Of course purists will still stand by the fact that you can't replicate an actual drive on Mazda Raceway Laguna Seca, or Road Atlanta, or any track. Yes, no matter how hard they try, developers simply can't replicate g-forces or the extra steering effort needed to keep a car steady in a high-speed turn. And the purists are right—driving a car on Forza 2 is not the same as driving at the track. But it is getting very close.

Forza 2 provides incredibly realistic graphics, a choice of more than 300 different cars, 47 tracks to drive them on and, most importantly, you don't need to worry about car insurance.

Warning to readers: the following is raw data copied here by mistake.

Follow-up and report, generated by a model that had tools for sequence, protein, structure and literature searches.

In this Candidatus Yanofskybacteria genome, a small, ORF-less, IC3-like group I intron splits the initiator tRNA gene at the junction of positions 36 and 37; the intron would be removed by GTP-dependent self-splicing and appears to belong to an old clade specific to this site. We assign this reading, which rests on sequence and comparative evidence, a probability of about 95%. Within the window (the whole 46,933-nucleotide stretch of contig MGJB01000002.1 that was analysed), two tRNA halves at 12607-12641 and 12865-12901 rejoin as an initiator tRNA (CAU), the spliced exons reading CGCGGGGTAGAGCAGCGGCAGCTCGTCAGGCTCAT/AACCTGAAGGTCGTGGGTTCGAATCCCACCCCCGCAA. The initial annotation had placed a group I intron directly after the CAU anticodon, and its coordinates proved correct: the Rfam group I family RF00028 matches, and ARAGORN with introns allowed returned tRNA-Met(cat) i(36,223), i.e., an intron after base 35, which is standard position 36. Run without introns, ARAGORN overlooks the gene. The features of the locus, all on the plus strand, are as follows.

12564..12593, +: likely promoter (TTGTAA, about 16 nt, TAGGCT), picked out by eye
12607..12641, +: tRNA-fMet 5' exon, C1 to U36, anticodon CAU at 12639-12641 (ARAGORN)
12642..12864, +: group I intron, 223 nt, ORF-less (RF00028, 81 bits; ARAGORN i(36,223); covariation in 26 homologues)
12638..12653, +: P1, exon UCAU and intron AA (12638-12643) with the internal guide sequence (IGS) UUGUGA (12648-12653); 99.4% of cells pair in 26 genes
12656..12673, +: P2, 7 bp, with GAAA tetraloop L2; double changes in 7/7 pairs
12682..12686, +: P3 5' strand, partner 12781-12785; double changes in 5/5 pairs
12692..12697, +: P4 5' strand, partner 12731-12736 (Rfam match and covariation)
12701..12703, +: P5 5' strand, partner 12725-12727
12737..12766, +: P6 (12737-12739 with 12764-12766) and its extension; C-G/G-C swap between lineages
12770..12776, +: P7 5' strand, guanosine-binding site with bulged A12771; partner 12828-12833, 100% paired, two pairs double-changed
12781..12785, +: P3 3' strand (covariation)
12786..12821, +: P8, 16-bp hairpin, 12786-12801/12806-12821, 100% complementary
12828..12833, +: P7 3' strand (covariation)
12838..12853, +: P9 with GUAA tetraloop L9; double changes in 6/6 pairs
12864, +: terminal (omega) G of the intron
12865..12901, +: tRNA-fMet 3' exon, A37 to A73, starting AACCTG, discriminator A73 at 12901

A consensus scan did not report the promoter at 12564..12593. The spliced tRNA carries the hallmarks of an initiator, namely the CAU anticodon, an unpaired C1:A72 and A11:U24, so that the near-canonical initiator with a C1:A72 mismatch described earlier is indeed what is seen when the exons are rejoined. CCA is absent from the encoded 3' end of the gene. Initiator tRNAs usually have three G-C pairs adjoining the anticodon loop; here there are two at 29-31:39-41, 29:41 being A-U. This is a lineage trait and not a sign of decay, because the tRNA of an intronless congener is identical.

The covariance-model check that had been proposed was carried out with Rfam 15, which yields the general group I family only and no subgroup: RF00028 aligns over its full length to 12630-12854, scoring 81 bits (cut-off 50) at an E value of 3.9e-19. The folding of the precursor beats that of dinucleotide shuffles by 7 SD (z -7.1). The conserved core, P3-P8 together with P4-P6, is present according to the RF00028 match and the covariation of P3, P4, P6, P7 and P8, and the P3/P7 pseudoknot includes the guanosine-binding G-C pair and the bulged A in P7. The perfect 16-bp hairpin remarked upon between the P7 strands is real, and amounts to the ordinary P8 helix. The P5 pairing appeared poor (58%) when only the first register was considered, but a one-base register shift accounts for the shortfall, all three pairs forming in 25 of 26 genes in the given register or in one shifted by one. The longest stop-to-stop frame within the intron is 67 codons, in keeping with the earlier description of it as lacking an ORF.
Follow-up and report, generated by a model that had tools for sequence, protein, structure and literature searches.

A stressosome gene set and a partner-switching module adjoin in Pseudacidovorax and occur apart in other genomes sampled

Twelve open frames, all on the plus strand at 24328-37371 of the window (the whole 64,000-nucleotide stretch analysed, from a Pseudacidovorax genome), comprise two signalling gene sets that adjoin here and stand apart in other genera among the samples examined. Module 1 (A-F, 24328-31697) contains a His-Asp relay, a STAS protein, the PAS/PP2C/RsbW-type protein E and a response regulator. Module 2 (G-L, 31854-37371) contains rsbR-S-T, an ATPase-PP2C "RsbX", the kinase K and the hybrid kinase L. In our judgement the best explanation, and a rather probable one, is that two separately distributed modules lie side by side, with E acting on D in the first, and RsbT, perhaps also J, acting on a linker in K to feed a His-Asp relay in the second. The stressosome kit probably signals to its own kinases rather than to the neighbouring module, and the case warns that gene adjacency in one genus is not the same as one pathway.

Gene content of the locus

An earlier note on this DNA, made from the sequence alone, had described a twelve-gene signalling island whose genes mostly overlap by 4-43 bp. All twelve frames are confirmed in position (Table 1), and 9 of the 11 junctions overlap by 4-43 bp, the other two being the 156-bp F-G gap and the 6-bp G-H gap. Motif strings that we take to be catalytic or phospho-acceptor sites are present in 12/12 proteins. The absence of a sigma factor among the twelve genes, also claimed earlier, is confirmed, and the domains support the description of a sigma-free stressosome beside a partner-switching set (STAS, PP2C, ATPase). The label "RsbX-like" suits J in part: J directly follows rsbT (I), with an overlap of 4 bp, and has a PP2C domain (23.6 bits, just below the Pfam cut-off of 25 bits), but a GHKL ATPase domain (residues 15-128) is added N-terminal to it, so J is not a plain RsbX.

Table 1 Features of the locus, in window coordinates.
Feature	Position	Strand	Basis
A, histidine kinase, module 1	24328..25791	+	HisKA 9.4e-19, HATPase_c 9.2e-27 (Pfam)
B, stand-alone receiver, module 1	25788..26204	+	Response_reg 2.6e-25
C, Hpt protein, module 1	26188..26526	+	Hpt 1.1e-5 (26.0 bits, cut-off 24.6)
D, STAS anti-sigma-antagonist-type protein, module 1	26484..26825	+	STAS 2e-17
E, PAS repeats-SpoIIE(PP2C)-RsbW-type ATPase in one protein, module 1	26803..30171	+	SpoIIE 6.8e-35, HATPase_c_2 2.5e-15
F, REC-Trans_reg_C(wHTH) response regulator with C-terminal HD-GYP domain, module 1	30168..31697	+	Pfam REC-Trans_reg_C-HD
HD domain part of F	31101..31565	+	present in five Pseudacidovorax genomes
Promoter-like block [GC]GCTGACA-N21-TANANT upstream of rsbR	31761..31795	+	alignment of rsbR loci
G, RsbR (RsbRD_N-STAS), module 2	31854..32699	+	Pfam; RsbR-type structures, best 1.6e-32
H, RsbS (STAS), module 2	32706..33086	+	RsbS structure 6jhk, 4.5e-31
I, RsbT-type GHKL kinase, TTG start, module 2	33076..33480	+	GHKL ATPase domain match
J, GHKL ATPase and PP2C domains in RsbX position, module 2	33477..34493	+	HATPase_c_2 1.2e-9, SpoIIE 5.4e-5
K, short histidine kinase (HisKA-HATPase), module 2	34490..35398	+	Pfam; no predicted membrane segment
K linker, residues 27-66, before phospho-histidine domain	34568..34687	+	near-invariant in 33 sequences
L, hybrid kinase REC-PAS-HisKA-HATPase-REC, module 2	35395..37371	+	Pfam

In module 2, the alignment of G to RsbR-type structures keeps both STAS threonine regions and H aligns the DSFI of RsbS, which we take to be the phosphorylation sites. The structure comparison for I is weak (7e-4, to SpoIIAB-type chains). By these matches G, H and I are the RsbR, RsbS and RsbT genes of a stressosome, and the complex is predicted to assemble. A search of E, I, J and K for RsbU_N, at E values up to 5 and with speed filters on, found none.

And these aren't faked cars and tracks. The list of cars from more than 50 of the world's leading manufacturers includes Ferrari, Porsche, Nissan, VW, General Motors, and Lamborghini. With the idea of appealing to both novice and expert drivers, cars range from the easy-to-drive MINI Cooper S to the challenging Dodge Racing Viper Competition Coupe.

Tracks simulated include Silverstone in Great Britain; Florida's Sebring, known for its 12-hour sports car endurance race; Suzuka in Japan; the aforementioned Mazda Raceway at Laguna Seca; the treacherous Nürburgring Nordschleife in Germany, as well as several tracks created just for Forza Motorsport 2.

As with the original Forza, all the cars can be customized for both performance and style. This means you can change engines, add turbochargers, adjust suspension, get new wheels and set up your car exactly as you want to drive it.

After the performance modifications, you can add aero kits, spoilers, decals, window tinting and create amazing paint schemes.